About the Back To Back To Back
This album follows on from two previous ones which are called “Hornwaves: Quartets for Solo Horn” (myself), and “Back to Back: two part discoveries for horns” (myself and Jonathan). All three were freely improvised and all were recorded in the highly stimulating acoustic of St. Silas The Martyr, Chalk Farm, by the equally stimulating engineer, Mike Skeet. Without him, none of this peculiar music would have come into existence; so many thanks to Mike. My thanks also to Jonathan and Richard for lending their unique talents in such a harmonious and democratic way.Read More
Introduction to Back To Back To Back:
Pip Eastop writes:
It happened late in 2016 that the three of us were quite by chance in the same place at the same time on a commercial recording session. How huge is the music scene in London that it had taken twenty four years for this to happen? Inevitably we found ourselves talking about “Back To Back To Back” and what it had meant for us. We agreed that we should find the old CD (in fact, I found a big box full of them) and put it where it could be heard by more people. So that’s what this is – a refreshed, remastered relaunch of our 1994 album of music which we had created simply by playing together, carefully avoiding the use of composers, conductors and rehearsals.
Huge thanks to Bernard O’Neill at Grand Duc Studios, Midi Pyrenees, for his masterful 2018 remastering of Back To Back To Back.
Bernard O’Neill writes:
Firstly let me say that Mike Skeet was a genius and a wonderful engineer. The sound of this album is totally natural being as it was recorded in the round (or in the triangle) in an enormously noisy and vibrant church. The levels that Mike recorded at were purposefully high and bordering on hysterical but he did this because he knew his home-made pre-amps really well and had checked phase issues out well in advance. Twenty-four years later I made some slight adjustments and with the benefits of some great plug-ins was able to just shave off some of the brashness from the recording without the loss of spirit and flare that the performers put into it in the first place. A well appointed multiband compressor allowed some of the previously unheard midrange to sing through and tamed some of the more strident tones in the climax of “Desk Ants”.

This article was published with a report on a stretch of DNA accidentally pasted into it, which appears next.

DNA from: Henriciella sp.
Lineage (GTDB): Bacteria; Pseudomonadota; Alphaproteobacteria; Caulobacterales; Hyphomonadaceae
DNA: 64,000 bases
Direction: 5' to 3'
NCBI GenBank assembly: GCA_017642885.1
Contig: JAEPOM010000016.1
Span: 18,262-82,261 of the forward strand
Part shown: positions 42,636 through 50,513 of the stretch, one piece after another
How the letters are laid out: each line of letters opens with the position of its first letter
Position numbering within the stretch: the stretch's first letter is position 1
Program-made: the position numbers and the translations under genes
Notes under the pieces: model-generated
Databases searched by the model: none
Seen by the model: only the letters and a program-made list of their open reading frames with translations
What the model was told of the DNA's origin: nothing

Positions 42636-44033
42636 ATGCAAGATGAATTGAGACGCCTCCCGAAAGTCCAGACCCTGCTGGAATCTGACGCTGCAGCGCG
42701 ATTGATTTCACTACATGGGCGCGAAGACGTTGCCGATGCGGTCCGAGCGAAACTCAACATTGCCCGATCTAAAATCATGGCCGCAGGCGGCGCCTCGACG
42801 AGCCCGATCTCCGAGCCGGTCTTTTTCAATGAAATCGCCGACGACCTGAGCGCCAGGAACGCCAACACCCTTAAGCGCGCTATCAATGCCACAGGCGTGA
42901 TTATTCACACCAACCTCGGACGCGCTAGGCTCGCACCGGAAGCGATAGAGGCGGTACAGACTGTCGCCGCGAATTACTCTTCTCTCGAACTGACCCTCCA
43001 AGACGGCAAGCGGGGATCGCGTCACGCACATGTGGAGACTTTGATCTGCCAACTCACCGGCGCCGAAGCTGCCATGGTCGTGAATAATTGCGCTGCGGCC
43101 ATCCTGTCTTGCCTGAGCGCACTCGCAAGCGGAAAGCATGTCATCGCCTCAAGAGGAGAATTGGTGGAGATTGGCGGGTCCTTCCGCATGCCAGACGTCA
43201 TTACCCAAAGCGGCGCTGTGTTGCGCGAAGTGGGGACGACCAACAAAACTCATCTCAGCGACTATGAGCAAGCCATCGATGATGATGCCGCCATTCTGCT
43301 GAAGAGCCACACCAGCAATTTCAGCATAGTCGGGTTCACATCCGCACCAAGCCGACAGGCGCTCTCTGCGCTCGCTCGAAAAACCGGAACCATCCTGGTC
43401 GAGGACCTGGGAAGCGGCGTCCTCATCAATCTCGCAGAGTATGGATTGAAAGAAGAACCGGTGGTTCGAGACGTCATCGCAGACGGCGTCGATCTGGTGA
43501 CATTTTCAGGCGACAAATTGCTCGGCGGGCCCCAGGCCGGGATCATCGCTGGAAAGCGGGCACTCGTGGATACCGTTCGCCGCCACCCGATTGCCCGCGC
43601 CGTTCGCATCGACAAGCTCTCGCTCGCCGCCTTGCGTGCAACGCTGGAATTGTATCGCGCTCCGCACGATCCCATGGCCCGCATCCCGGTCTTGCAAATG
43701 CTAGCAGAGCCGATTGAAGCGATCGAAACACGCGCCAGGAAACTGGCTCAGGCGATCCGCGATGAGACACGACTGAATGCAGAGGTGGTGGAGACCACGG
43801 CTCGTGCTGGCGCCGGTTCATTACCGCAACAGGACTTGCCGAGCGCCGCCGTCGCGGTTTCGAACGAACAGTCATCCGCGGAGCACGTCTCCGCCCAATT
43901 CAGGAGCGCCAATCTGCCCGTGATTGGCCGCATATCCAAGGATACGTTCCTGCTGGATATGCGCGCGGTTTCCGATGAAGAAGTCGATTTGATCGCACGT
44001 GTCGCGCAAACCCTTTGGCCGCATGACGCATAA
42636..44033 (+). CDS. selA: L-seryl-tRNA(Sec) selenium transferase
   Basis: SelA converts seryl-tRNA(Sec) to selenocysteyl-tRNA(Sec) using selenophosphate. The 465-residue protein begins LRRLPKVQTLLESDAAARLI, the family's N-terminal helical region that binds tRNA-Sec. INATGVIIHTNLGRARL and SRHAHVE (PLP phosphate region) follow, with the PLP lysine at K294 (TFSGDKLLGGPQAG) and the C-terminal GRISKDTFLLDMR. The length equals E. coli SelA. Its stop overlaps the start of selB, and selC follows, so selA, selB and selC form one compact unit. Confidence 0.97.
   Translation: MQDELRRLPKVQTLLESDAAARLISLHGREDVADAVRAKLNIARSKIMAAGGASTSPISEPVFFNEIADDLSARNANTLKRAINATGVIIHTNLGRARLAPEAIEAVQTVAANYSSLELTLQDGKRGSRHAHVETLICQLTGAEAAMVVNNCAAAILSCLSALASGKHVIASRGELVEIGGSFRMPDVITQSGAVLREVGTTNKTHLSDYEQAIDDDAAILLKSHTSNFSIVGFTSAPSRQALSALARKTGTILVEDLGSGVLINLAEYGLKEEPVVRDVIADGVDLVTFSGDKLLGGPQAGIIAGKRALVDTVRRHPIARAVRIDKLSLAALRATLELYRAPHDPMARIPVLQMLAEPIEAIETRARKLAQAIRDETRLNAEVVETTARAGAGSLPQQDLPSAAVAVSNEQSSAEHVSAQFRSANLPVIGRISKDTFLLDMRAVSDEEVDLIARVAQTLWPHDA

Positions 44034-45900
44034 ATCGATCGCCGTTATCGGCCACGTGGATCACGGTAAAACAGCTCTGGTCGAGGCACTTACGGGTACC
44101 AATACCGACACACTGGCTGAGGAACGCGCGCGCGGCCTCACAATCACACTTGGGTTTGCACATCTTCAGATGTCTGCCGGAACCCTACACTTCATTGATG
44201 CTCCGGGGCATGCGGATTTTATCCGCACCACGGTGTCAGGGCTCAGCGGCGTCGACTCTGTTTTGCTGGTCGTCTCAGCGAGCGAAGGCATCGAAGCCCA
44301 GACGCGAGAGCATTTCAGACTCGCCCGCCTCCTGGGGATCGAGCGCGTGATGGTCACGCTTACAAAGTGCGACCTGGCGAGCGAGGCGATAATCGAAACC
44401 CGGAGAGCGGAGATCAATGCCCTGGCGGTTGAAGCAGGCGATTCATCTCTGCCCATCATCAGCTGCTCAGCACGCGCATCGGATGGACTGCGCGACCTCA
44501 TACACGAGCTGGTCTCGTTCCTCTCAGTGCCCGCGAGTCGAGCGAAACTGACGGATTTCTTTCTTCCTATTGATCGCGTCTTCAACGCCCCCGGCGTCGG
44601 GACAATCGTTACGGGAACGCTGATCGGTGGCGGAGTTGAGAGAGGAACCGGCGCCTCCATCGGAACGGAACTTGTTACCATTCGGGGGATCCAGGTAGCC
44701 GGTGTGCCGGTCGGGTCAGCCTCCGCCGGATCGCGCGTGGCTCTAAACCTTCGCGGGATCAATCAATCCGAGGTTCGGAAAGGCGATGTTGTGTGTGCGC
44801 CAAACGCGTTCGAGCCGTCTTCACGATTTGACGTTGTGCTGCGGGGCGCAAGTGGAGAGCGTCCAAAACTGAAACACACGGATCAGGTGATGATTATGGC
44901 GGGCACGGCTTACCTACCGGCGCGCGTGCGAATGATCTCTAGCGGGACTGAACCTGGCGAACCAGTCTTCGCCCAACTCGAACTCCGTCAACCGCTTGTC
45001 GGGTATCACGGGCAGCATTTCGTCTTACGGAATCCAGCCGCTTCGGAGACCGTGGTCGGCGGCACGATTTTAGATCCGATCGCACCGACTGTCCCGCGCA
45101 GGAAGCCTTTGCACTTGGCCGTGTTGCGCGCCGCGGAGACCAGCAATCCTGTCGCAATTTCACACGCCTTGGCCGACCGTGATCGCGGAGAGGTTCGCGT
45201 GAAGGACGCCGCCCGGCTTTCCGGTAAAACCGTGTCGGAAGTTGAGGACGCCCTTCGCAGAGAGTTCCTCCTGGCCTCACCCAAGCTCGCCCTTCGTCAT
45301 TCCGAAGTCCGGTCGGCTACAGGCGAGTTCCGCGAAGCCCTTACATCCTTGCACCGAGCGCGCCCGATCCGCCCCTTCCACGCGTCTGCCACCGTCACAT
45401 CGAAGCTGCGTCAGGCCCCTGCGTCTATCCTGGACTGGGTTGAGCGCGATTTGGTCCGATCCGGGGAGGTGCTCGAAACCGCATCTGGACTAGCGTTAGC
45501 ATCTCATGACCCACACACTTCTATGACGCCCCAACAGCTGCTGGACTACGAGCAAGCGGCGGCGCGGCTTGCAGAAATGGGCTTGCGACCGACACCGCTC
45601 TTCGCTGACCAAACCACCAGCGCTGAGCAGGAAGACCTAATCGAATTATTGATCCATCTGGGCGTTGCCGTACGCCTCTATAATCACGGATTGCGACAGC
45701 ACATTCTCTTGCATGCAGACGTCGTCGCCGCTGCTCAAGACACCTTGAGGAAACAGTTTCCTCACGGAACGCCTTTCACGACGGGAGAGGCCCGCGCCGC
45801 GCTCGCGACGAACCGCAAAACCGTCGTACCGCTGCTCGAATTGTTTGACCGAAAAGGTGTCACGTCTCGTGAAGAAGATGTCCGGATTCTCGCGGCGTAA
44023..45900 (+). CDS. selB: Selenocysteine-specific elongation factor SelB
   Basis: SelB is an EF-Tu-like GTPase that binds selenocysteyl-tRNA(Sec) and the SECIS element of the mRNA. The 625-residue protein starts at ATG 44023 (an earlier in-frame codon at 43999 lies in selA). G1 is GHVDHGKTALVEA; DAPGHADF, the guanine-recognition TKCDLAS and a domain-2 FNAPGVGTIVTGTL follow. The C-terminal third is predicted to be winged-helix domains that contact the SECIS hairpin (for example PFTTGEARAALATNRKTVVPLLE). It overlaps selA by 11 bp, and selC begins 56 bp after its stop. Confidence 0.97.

R.I.P Mike Skeet:
Mike was a brilliant eccentric, a very talented and highly respected recording engineer and a man with an unquenchable and infectious passion for all things audio which he was always happy to share with like-minded people. He was perfect for our recording needs, being enthusiastic and willing to experiment. Always favouring ‘minimal’ microphone techniques, Mike’s preference was the classic stereo pair, occasionally supplemented with a few ‘spot’ mics when the layout or acoustic made it necessary. Mike was very well-known for his intriguing DIY dummy-head arrays constructed from balsa wood, kitchen sieves, and foam – but they typically contained superb Schoeps microphones and produced glorious recordings. His home-made equipment looked a bit “Heath Robinson” and this was a recognisable part of his eccentric nature. His electronics were typically built into unpainted tin boxes plastered with Dymo labels, adhesive tape and coloured stickers.
We tried to get in touch with him to ask if he would contribute a few words to this re-release, only to discover that he died in December of 2015.
Musings and reminiscences about Back To Back To Back: